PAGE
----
• Your refrigerator will keep foods cool for about four hours without power if it is unopened. Add block or dry ice to your refrigerator if the electricity will be off longer than four hours.
  • Thawed food can usually be eaten if it is still "refrigerator cold," or re-frozen if it still contains ice crystals.
  • To be safe, remember, "When in doubt, throw it out." Discard any food that has been at room temperature for two hours or more, and any food that has an unusual odor, color, or texture.

Sanitation and Hygiene

It is critical for you to remember to practice basic hygiene during the emergency period. Always wash your hands with soap and water that has been boiled or disinfected:

  • before preparing or eating
  • after toilet use
  • after participating in cleanup activities; and
  • after handling articles contaminated with floodwater or sewage.

If there is flooding along with a hurricane, the waters may contain fecal material from overflowing sewage systems and agricultural and industrial waste. Although skin contact with floodwater does not, by itself, pose a serious health risk, there is risk of disease from eating or drinking anything contaminated with floodwater.

If you have any open cuts or sores that will be exposed to floodwater, keep them as clean as possible by washing them with soap and applying an antibiotic ointment to discourage infection. If a wound develops redness, swelling, or drainage, seek immediate medical attention.

Do not allow children to play in floodwater areas. Wash children's hands frequently (always before meals), and do not allow children to play with floodwater-contaminated toys that have not been disinfected. You can disinfect toys using a solution of one cup of bleach in five gallons of water.

Immunizations

Outbreaks of communicable diseases after hurricanes are unusual. However, the rates of diseases that were present before a hurricane may increase because of a lack of sanitation or overcrowding in shelters. Increases in infectious diseases that were not present before the hurricane are not a problem, so mass vaccination programs are unnecessary.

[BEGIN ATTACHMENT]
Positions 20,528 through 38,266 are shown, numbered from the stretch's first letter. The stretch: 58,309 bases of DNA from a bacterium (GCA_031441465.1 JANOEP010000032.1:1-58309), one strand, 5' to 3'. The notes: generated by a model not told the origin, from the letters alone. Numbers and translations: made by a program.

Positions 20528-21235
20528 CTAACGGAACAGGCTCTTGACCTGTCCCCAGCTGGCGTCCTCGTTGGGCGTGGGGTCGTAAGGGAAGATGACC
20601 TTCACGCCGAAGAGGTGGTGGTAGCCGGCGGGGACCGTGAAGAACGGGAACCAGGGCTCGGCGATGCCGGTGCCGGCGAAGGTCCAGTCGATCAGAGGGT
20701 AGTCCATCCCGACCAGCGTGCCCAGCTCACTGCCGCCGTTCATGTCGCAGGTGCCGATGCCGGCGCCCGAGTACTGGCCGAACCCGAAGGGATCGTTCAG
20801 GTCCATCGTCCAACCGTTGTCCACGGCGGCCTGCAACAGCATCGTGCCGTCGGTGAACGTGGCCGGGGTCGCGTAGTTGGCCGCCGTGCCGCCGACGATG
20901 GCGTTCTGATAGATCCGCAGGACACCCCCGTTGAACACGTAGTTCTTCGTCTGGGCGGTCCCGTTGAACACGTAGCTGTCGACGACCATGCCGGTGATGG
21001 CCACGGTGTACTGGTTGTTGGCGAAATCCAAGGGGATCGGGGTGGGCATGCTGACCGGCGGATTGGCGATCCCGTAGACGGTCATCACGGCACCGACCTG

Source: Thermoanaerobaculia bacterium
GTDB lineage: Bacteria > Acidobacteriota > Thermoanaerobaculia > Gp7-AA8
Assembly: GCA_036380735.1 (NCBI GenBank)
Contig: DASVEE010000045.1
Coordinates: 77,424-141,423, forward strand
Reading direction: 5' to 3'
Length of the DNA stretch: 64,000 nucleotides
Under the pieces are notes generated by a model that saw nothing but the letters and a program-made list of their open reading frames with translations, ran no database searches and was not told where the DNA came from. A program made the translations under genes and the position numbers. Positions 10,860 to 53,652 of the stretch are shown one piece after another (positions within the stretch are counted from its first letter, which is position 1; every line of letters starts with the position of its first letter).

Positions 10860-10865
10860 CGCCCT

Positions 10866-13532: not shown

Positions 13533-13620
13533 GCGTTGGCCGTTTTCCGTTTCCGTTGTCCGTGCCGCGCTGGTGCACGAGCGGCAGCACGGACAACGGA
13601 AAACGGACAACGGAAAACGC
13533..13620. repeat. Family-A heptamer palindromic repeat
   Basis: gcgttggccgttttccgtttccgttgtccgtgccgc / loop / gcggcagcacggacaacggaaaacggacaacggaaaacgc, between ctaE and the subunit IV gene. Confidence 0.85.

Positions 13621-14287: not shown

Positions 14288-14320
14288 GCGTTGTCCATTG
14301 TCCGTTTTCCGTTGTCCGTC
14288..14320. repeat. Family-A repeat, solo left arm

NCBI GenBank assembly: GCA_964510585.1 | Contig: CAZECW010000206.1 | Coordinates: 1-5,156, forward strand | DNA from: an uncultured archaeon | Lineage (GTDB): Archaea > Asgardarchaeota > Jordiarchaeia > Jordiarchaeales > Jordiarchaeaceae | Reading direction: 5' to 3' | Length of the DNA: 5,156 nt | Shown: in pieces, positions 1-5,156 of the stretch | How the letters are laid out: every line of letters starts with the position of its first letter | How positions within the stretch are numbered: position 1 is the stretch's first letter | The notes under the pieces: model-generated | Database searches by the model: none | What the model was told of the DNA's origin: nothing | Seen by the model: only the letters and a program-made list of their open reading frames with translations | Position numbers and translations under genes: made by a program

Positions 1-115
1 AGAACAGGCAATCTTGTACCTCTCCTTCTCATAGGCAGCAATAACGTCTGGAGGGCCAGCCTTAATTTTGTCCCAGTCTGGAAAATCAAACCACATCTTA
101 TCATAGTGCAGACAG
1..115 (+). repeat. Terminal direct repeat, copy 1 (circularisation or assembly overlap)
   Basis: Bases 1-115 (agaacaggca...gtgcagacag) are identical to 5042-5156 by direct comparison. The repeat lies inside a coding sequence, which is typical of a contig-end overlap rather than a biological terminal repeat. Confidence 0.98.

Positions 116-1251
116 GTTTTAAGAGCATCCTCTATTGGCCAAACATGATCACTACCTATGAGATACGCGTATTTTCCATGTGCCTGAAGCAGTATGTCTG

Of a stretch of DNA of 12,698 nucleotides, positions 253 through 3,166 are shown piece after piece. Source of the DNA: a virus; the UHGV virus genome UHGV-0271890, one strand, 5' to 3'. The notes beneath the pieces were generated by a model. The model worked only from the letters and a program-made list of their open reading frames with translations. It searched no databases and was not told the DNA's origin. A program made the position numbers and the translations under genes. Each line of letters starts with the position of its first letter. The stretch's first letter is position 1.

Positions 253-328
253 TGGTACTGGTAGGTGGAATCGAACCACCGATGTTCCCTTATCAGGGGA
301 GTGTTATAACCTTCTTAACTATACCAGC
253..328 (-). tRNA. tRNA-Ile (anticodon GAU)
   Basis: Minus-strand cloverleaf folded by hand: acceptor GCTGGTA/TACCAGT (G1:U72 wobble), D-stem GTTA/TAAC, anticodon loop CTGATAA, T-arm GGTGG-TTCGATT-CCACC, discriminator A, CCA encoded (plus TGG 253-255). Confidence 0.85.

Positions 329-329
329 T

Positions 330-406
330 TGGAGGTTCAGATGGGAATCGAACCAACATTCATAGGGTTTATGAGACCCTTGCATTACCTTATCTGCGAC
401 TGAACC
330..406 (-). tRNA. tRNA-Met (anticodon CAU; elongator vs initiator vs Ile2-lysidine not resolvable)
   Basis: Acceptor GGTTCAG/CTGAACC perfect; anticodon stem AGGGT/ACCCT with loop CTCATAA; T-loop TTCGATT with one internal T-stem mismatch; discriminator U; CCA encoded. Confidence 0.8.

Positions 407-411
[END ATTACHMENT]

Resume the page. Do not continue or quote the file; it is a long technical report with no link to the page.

If you have wounds, you should be evaluated for a tetanus immunization, just as you would at any other time of injury. If you receive a puncture wound or a wound contaminated with feces, soil, or saliva, have a doctor or health department determine whether a tetanus booster is necessary based on individual records.

Specific recommendations for vaccinations should be made on a case-by-case basis, or as determined by local and state health departments.

Mosquitoes

Rain and flooding in a hurricane area may lead to an increase in mosquitoes. Mosquitoes are most active at sunrise and sunset. In most cases, the mosquitoes will be pests but will not carry communicable diseases. It is unlikely that diseases which were not present in the area prior to the hurricane would be of concern. Local, state, and federal public health authorities will be actively working to control the spread of any mosquito-borne diseases.

To protect yourself from mosquitoes, use screens on dwellings, and wear clothes with long sleeves and long pants. Insect repellents that contain DEET are very effective. Be sure to read all instructions before using DEET. Care must be taken when using DEET on small children. Products containing DEET are available from stores and through local and state health departments.

To control mosquito populations, drain all standing water left in open containers outside your home.

Mental Health

The days and weeks after a hurricane are going to be rough. In addition to your physical health, you need to take some time to consider your mental health as well. Remember that some sleeplessness, anxiety, anger, hyperactivity, mild depression, or lethargy are normal, and may go away with time. If you feel any of these symptoms acutely, seek counseling. Remember that children need extra care and attention before, during, and after the storm. Be sure to locate a favorite toy or game for your child before the storm arrives to help maintain his/her sense of security. Your state and local health departments will help you find the local resources, including hospitals or health care providers, that you may need

 


 

Feel free to contact us if you would like to see, or advertise any further information regarding Hurricanes.

Regards

The SW Team.............

 

GLOBAL DISASTER ALERT AND COORDINATION SYSTEM